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Verses 8-9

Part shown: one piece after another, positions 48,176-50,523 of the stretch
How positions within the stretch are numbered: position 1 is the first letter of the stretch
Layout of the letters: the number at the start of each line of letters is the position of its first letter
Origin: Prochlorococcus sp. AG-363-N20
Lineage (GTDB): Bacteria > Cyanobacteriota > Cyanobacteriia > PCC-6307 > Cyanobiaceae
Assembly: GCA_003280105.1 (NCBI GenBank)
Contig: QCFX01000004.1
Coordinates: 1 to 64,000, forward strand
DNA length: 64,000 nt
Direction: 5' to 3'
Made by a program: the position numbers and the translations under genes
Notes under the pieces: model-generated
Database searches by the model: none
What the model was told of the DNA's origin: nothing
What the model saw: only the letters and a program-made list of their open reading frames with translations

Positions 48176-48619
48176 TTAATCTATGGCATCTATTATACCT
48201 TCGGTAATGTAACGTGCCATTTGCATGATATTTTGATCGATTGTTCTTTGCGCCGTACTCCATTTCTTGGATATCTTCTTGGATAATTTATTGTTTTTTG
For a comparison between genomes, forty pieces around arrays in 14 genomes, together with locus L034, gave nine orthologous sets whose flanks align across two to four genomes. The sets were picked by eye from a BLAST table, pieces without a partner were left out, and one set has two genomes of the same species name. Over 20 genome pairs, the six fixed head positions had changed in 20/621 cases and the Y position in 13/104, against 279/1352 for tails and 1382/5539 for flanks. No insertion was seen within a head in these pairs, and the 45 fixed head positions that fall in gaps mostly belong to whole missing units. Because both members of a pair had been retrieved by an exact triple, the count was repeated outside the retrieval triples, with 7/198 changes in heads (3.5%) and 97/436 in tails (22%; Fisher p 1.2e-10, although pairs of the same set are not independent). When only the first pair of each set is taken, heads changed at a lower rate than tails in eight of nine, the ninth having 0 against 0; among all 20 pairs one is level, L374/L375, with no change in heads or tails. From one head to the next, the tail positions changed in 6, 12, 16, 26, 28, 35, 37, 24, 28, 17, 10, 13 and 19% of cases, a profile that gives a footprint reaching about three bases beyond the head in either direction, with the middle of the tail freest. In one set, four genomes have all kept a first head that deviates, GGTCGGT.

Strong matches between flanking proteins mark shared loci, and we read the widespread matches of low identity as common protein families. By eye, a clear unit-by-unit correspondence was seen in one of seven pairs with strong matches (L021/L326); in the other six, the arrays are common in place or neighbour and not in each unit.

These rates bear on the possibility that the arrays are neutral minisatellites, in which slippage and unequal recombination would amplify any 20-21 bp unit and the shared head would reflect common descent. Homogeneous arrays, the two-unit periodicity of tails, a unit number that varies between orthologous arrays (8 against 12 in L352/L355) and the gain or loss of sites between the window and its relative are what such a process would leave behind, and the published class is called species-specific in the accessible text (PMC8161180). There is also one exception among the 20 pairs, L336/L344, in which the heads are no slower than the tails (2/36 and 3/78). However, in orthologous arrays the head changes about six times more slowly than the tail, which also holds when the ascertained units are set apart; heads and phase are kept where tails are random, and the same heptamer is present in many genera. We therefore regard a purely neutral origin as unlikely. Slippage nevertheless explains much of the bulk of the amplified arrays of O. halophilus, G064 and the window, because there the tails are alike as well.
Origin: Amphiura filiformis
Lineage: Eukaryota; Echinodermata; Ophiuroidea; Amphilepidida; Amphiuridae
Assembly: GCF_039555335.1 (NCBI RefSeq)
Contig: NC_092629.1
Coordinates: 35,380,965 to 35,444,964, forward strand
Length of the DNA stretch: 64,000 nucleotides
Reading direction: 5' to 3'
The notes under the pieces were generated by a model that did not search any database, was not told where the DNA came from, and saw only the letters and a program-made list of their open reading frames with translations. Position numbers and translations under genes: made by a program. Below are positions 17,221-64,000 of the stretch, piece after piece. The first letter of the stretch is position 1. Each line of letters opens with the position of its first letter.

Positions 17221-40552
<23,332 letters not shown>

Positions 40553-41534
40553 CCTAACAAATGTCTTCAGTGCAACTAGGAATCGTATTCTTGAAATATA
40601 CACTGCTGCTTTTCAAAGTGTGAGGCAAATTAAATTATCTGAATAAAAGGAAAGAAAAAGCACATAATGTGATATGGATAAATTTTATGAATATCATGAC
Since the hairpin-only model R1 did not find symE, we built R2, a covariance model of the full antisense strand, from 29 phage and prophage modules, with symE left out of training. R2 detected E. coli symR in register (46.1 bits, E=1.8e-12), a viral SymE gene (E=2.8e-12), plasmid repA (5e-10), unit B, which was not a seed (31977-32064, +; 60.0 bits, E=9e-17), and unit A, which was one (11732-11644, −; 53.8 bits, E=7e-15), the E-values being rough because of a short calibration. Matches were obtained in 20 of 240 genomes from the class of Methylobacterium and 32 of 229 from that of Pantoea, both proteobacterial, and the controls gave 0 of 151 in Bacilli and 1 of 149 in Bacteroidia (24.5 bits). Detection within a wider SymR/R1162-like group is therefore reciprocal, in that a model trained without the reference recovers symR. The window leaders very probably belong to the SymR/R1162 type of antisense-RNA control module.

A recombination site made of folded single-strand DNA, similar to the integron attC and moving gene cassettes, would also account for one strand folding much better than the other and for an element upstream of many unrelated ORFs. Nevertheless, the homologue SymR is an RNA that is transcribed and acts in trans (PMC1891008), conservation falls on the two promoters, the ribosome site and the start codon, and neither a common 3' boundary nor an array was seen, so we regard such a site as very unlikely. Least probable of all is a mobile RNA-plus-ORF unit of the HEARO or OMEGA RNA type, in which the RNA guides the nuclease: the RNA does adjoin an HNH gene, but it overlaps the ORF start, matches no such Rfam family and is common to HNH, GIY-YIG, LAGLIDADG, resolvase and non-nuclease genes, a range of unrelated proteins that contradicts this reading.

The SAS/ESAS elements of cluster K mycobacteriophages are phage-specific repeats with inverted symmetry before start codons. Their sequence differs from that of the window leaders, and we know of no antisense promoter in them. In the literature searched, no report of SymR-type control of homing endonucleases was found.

Matthew 4:8-9. Again the devil taketh him up In what way is not said; into an exceeding high mountain Probably one of the mountains in the wilderness, and from that eminence, partly by the advantage of the place, from which he might behold many magnificent buildings, rich fields, pleasant meadows, hills covered with wood and cattle, rivers rolling through the fertile valleys, and washing the cities as they passed along; and partly by an artful visionary representation, showeth him all the kingdoms of the world, and the glory of them Whatsoever was gay, splendid, or glorious, either in respect of the honours, riches, or pleasures of the world; their great and opulent cities, sumptuous edifices, costly attire, equipage, pomp, and splendour; displaying to his view one of the finest prospects that the most pleasurable and triumphant scenes could furnish out; and all this, not one after another, but in a moment of time, that so they might amaze and affect him the more with their splendour, and on a sudden prevail upon him, which otherwise they would not have been so likely to do. And saith unto him With the most egregious impudence, falsehood, and pride; All these things will I give thee All this glory and power, and all these possessions, if thou wilt fall down and worship me The devil now showed clearly who he was, and therefore Christ, in answering this suggestion, calls him by his proper name, Satan, which, though he undoubtedly knew him, he had not done before. We may learn from hence not to conclude we are utterly abandoned of God when we are assaulted with horrible temptations; Christ himself, we see, was tempted even to worship the devil: but in such cases let us, like Jesus, resolutely repel the temptation, rather than parley with it. Dr. Doddridge observes, that, if we suppose Satan, in these two last temptations, to have worn the form of an angel of light, it will make them both appear more plausible; “for thus he might pretend, in the former, to take charge of Christ in his fall, as one of his celestial guards; and in this latter to resign to him a province which God had committed to his administration and care.” And this, he thinks, may not be inconsistent “with supposing that he first appeared as a man, (it may be as a hungry traveller, who pretended to ask the miracle of turning stones into loaves for his own supply,) for angels, under the Old Testament, had often worn a human form.”

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